Todd Wheatland, VP, Head of Thought Leadership & Marketing and Megan Raftery, Sr. Manager, Workforce Research & Intelligence
The 2012 Kelly Global Workforce Index shows that most workers feel under-valued, and frequently think about resigning—and this is a major issue for employers as they seek greater productivity from their people.
The explosion of social media across the globe has transformed personal communications and opened up myriad of opportunities for interaction across communities, regions and peer groups. Along with the opportunities come challenges, nowhere more so than in the workplace. The spontaneous and free-ranging character of social media can sit uneasily in a work setting.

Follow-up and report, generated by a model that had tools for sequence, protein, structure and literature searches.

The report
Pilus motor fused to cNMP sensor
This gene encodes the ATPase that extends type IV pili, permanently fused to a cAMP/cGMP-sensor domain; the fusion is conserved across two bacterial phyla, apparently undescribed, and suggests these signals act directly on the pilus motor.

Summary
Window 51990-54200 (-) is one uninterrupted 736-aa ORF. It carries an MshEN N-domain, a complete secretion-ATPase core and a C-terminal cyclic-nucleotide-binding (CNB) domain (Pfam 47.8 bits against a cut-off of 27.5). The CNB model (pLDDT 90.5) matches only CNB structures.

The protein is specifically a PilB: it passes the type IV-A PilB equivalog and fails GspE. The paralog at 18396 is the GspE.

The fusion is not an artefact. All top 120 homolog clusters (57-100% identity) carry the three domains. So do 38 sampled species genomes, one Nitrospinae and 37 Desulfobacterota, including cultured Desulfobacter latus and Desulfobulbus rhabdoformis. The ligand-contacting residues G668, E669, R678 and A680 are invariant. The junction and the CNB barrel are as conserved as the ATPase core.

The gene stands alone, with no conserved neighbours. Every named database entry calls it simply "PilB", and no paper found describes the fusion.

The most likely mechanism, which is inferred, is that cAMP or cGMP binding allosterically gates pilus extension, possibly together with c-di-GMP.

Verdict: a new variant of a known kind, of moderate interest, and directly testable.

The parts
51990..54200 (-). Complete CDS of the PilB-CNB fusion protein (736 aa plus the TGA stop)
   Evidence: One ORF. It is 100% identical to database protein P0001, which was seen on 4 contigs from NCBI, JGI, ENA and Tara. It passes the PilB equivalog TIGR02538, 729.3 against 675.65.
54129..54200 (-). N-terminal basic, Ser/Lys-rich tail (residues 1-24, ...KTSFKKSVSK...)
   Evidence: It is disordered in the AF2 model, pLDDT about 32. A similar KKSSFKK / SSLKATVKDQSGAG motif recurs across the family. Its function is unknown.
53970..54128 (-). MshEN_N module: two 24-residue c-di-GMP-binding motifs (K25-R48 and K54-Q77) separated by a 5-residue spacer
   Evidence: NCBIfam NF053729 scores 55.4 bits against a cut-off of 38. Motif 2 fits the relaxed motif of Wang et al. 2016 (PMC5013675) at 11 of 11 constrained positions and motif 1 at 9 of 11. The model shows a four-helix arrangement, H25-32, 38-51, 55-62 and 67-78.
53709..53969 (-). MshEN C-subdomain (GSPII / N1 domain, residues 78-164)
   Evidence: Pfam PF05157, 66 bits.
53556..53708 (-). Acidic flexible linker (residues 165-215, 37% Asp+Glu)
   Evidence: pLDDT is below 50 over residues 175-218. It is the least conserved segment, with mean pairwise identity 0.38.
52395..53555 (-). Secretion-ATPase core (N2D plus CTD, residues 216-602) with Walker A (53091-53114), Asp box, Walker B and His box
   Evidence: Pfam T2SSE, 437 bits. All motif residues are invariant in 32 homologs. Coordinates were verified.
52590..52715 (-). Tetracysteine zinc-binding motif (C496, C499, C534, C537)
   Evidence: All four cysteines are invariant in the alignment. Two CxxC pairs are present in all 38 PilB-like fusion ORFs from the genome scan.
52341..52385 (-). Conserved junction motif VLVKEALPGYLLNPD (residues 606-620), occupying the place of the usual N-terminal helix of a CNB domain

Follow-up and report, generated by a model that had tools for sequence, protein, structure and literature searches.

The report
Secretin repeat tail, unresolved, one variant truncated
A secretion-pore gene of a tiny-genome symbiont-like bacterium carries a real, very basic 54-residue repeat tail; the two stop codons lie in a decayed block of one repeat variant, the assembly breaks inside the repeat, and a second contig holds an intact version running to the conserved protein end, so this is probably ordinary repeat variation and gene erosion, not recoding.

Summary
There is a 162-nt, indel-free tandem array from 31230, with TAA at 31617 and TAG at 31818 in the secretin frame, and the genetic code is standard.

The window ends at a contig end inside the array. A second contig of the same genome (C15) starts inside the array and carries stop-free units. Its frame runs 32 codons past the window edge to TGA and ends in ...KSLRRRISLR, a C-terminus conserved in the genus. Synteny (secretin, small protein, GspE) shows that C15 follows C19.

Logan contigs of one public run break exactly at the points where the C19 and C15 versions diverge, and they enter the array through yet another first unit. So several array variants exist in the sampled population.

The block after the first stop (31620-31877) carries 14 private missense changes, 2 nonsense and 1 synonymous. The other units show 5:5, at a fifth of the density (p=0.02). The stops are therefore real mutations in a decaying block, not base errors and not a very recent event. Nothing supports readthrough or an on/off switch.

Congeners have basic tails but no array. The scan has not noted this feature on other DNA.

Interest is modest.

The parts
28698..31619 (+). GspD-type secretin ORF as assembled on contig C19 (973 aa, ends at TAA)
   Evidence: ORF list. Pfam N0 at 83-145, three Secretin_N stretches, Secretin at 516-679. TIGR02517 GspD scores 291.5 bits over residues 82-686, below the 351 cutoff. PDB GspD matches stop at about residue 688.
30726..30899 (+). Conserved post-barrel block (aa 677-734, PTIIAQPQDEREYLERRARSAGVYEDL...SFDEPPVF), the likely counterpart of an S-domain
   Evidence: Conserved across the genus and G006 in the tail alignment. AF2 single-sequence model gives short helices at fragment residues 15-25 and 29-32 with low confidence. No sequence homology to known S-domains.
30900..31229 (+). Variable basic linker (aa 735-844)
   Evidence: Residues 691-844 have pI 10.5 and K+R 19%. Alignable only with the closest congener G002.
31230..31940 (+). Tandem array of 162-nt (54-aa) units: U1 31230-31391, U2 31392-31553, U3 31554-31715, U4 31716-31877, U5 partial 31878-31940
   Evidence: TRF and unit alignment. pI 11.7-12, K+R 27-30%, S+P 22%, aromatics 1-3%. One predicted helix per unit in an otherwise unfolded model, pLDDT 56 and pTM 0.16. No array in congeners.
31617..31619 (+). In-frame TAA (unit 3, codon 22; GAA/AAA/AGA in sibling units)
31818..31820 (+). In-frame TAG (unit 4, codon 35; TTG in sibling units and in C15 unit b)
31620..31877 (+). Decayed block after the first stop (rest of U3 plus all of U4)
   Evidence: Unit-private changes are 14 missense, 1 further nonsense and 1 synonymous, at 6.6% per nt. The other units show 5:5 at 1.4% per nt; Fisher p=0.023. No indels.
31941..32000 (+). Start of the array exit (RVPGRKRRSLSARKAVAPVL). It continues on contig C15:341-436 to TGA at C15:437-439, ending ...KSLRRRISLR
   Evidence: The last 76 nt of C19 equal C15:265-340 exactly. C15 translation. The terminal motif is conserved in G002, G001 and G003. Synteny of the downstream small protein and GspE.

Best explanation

Understanding and managing the workplace issues associated with social media is an evolving discipline. However, it is clear that attitudes toward social media are far from uniform. Generational, occupational and regional variances shape the way that people embrace these platforms.
A fundamental question is whether there is a place that social media can, or should, occupy for individuals in the contemporary workplace. Views on this are divided.